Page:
A. Removal of Mistletoe–Infected Trees

The Project would remove selected trees that are infected by mistletoe. The removal would occur on only 10 acres out of the Project's total of 857 acres. BLM personnel would select infected trees for removal based on a rating system that evaluates the extent of mistletoe infection. There will be oversight by a silviculturist and wildlife biologist. AR 679, 682.

Although the EA states that no old growth trees will be logged, plaintiffs note that mistletoe can infect old growth trees. At oral argument, the government confirmed that the Project will not allow the removal of any old growth trees, whether or not the tree is infected with mistletoe.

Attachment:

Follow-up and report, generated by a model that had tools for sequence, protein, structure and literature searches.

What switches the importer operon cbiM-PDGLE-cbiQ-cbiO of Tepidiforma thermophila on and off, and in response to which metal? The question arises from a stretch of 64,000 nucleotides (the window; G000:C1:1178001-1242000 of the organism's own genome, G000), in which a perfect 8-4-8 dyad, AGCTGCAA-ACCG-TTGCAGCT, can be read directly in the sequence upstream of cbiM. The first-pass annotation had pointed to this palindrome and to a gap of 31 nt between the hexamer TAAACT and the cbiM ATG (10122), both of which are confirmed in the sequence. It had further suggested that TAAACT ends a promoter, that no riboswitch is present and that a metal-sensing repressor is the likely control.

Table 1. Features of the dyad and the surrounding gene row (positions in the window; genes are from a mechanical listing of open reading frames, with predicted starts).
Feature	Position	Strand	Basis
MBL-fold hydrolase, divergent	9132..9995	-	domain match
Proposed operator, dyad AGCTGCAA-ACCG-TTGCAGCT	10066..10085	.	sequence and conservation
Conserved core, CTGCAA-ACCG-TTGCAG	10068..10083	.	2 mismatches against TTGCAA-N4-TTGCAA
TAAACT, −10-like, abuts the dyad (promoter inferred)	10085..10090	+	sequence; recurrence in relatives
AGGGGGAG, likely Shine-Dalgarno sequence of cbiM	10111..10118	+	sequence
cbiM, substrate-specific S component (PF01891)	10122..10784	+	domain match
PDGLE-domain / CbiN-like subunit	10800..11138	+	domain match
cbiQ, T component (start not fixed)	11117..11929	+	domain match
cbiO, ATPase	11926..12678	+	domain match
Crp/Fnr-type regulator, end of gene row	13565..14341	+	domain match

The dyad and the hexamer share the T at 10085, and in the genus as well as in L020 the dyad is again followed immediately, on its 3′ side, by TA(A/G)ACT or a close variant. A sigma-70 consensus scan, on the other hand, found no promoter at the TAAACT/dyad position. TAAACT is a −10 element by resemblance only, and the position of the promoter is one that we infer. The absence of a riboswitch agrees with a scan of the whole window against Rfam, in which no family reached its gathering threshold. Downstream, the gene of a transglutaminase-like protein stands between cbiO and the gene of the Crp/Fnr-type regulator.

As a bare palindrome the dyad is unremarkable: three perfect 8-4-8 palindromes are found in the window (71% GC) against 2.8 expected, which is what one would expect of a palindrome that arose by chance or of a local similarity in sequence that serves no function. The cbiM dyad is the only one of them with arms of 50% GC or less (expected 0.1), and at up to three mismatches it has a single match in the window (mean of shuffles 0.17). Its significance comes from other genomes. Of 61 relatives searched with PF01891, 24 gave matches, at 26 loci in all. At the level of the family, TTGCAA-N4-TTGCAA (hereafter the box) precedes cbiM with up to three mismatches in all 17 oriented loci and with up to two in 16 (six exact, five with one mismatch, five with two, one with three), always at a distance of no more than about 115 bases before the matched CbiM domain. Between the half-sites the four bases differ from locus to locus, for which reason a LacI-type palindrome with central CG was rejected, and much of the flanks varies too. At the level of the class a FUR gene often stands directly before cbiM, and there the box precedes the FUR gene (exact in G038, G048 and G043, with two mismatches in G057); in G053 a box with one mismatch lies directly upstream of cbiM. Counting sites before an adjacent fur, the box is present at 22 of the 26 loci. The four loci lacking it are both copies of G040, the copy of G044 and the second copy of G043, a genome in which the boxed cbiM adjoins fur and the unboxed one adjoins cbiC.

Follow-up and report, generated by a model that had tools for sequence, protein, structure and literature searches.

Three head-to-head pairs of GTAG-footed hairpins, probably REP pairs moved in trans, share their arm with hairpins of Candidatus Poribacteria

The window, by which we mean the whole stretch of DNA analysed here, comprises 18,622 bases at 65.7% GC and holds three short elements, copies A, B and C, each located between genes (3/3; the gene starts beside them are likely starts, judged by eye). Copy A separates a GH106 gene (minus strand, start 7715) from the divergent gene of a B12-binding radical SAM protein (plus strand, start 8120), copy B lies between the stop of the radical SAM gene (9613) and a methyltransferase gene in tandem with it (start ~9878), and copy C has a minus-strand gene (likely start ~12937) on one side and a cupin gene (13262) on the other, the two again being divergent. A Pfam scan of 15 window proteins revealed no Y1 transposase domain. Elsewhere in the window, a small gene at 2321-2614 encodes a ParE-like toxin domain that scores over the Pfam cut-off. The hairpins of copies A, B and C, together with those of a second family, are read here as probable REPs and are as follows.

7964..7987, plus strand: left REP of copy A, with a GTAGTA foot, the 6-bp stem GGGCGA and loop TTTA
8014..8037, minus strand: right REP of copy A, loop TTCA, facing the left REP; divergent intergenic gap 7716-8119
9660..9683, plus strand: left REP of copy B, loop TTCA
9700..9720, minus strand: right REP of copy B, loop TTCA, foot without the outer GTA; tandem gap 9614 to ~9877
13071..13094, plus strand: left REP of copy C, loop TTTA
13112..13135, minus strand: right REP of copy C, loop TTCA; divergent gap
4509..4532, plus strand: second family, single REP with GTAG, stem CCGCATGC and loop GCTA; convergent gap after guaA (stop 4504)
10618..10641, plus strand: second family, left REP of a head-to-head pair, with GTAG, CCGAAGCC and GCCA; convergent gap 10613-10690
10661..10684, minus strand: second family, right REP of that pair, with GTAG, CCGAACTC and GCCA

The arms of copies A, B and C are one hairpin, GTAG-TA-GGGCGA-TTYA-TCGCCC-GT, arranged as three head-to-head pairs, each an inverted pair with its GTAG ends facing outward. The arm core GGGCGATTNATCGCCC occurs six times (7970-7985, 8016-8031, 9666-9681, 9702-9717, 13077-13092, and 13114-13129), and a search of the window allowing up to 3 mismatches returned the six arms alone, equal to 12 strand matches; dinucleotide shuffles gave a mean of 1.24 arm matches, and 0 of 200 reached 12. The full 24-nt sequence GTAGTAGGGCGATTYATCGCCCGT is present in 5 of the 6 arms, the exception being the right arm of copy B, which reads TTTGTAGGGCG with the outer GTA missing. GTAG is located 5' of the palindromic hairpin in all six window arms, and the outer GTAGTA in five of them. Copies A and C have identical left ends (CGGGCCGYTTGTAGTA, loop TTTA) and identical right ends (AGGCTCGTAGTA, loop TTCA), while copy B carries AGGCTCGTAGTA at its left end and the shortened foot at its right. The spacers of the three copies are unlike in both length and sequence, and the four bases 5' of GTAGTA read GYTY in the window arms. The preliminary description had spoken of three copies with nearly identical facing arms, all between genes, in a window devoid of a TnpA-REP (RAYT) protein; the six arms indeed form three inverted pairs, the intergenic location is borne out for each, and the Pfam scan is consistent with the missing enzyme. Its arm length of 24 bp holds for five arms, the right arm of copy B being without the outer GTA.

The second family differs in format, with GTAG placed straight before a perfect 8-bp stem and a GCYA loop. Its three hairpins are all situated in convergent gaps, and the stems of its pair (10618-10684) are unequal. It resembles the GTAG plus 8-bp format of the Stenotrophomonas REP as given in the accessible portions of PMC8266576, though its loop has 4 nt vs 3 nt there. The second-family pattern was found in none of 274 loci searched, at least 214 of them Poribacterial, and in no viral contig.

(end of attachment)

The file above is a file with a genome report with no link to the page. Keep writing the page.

Plaintiffs do not challenge BLM's method for identifying and removing mistletoe-infected trees. Pls.' Reply at 2 n. 1. Instead, plaintiffs contend that NEPA requires BLM to state how many infected trees will be removed. Plaintiffs argue that BLM does not understand the “true extent and magnitude of the mistletoe removal it plans to conduct.” Pls.' Reply at 2. The EA, however, limits the area where mistletoe-infected trees will be logged to ten acres. Plaintiffs have not shown why NEPA requires an individual tree count to understand the effects of removing mistletoe-infected trees from a small portion of the Project. This court may presume that BLM will choose infected trees based on the rating system described in the EA, and not arbitrarily select trees for removal. See Nw. Ecosystem Alliance, 475 F.3d at 1140. Mistletoe will remain plentiful in the more than 500,000 acres of forest not managed for timber harvest. I conclude that defendants are entitled to judgment on this claim.